Subject-Free Offers Are A Necessary Evil
Subject-free offers mean that there are no conditions whatsoever when offering …
Written by Jeff Mark
As many of you know, the government has recently implemented some new rules without much (if any) industry consultation. While you may have read the occasional article attempting to describe what the new rules actually mean, here’s the lowdown – they have severely impacted the structure of the mortgage rate market.
Effective October 17, 2016 the “Stress Test” came into play. In simple terms, borrowers with less than 20% for a down payment can now afford 20-25% less. That’s huge. When you look at a typical real estate market, the marginal buyer enables people to move up through the system, which in turn increases absorption rates and can result in a healthy, balanced market. When you take these people out, the natural progression is disrupted. The problem with this rule is that the marginal, first time buyer wasn’t necessarily the culprit for inflating real estate prices to exorbitantly high levels. There are some definite policy issues at play here as well. Moreover, rumour has it, conventional business (i.e. greater than 20% down payment) may have to follow suit, which would further interrupt the market. Time will tell. All we can be sure of is that there are a lot of people out there, currently with a mortgage, that won’t qualify again.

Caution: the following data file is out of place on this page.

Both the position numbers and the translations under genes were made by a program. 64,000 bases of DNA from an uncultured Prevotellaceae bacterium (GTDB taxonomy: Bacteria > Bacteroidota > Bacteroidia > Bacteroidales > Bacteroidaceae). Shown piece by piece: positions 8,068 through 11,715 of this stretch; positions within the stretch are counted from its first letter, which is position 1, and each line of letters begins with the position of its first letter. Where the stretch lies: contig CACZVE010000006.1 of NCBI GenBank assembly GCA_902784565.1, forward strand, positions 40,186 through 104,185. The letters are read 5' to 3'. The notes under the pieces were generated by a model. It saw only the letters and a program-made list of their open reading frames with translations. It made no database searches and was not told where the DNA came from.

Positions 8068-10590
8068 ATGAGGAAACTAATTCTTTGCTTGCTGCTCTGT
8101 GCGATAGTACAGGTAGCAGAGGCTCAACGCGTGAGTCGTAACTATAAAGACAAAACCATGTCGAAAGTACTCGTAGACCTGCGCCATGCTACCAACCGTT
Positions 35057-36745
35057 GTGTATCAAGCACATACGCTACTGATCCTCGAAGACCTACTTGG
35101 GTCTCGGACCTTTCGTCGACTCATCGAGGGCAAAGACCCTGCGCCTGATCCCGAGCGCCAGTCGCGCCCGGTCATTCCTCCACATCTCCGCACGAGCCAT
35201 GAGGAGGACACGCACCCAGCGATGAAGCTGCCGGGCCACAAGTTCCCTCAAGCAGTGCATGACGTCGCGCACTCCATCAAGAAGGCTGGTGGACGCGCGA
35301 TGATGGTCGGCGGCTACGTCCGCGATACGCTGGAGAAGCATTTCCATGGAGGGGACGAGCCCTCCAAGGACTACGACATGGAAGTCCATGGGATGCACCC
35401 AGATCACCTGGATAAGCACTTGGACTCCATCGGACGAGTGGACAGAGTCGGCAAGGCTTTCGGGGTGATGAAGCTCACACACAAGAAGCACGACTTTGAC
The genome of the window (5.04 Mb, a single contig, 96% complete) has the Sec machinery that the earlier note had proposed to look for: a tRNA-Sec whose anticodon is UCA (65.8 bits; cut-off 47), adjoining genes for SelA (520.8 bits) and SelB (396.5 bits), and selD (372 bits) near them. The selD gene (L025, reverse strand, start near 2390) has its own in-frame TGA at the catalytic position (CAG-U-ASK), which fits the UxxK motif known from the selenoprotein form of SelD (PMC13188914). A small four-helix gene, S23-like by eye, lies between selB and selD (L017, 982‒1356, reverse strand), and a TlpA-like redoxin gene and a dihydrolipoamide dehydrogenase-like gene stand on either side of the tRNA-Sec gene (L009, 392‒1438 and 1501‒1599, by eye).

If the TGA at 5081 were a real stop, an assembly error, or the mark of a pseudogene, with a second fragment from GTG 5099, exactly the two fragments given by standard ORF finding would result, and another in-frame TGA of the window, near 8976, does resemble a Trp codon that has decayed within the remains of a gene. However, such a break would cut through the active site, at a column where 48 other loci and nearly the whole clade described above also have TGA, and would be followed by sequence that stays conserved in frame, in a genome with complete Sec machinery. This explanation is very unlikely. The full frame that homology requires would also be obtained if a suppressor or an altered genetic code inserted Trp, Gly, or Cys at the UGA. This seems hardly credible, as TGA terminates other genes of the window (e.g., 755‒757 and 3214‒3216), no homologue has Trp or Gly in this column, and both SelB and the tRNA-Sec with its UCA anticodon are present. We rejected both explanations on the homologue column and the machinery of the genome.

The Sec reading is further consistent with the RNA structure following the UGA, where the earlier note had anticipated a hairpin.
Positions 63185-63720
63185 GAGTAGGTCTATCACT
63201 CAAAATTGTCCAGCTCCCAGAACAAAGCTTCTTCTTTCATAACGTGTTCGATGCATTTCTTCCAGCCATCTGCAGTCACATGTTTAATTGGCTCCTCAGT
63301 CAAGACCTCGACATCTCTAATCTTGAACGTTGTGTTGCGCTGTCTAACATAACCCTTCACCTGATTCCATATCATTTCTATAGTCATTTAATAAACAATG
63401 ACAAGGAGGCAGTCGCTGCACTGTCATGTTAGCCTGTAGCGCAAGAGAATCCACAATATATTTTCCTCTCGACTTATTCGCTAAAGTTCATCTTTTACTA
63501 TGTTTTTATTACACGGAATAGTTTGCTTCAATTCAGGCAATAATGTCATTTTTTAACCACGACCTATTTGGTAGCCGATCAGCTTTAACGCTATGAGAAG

Effective November 30, 2016 it became more expensive for lenders to provide mortgages. CMHC has decided not to back-end insure conventional business as it always has. This is a massive structural change for lenders in terms of how they securitize their loans. This coupled with proposed increases to capital reserve requirements has materially changed the mortgage rate business. If consumers, brokers, and banks were already confused, it just got a whole lot worse. There will now be tiers of rates based on amortization, transaction type and property type for conventional business. Amortizations over 25 years will see premiums of at least 10 bps. Rentals will command a 25 bp mortgage rate surcharge. Refinances will range from 10-20 bps. Products have disappeared overnight. What was available yesterday, won’t be an option tomorrow. Ironically, the rate advantage just got even better for those with less than 20% down; however, those people may not even qualify for a mortgage anymore since the introduction of the stress test!
Advertising just got a lot harder for brokers and lenders alike. Mortgage rates just became a great deal more convoluted than they already were with restricted products, quick close specials, LTV (loan to value) constraints, effective rates, etc. In a world where the majority of folk are already completely bewildered by the complexity of advertised rates, it just transformed into mortgage rate hell.